11 October 2017
A Gympie resident who this year graduated from the University of the Sunshine Coast with a Doctor of Creative Arts (DCA) has won a Queensland Literary Award for the historical fiction draft novel she wrote in five months.
Janet Lee last week won the Emerging Queensland Writer – Manuscript Award for her work ‘The Killing of Louisa’, which judges likened to the hugely successful books Burial Rites and Alias Grace.
Dr Lee’s manuscript told the story of a woman sentenced to death for murder in 19th century Sydney.
The prize was $10,000 cash plus manuscript development and publication with The University of Queensland Press (UQP).
The judges said: “This high quality work of historical fiction offers a superior blending of narrative tension and strong research. It also offers a clear and convincing voice in the character of Louisa Collins who has been sentenced to hang for the murder of her two husbands in late 19th century Sydney. This novel provides a creative re-imagining of colonial Australia, rich with historical detail and high drama.”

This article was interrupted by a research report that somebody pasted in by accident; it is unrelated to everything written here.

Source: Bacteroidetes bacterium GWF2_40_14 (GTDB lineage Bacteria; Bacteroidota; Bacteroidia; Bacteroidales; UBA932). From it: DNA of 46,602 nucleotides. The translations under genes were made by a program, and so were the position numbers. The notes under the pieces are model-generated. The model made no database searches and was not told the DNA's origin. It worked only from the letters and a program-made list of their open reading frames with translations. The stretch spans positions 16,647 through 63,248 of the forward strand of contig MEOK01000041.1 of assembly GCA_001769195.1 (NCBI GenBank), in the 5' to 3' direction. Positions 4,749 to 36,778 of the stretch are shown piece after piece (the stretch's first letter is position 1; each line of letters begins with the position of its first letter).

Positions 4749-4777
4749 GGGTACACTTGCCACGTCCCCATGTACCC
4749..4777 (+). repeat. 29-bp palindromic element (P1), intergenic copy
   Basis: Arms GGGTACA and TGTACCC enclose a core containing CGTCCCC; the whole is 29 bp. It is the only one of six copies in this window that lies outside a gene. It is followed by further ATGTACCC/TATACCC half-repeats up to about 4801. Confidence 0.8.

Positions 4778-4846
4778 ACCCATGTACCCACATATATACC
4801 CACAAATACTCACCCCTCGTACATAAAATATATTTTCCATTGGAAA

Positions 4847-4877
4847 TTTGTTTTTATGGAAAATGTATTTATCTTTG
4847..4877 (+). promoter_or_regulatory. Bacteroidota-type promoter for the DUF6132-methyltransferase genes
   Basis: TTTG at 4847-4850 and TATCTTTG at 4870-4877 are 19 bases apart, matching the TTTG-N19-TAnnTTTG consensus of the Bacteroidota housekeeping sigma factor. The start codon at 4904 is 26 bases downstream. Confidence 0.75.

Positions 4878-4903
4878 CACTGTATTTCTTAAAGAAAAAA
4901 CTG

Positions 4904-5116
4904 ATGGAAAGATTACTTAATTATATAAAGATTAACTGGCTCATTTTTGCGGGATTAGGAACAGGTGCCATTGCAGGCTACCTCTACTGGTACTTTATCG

Dr Lee was among four unpublished authors shortlisted in the category supported by UQP.
“I’m over the moon,” said the freelance writer who celebrated with her husband, son and sister at the awards ceremony at the State Library of Queensland, in South Brisbane.
“I’m honoured by the award and thrilled to get a publishing contract so quickly.”
She thought of the idea for the novel after completing her USC degree last year.
“I knew the story of Louisa Collins and I wrote the preface for ‘The Killing of Louisa’ in January this year,” she said.
“I went to the archives in Sydney to do more research, and finished the manuscript in May.”
Dr Lee, who has degrees from the University of Queensland and Deakin University, said she chose to study a doctorate at USC to gain the advice and guidance of renowned author and Professor of Creative Writing Gary Crew.
“I travelled from Gympie to the Sippy Downs campus for meetings with Gary, who supervised my thesis, ‘Cassandra Austen – Jane’s Muse?’, about Jane Austen’s sister.
“Completing my doctorate gave me the confidence to continue writing. This year, I also won a Varuna Fellowship to work on a manuscript that grew from my USC thesis.”
USC Professor Gary Crew said Dr Lee’s success would be an inspiration for Creative Writing students, especially those who sought careers in the publishing industry.
Dr Lee’s four children also studied at USC – two are USC graduates (biomedical science and education) and two are current students (law and education).
— Julie Schomberg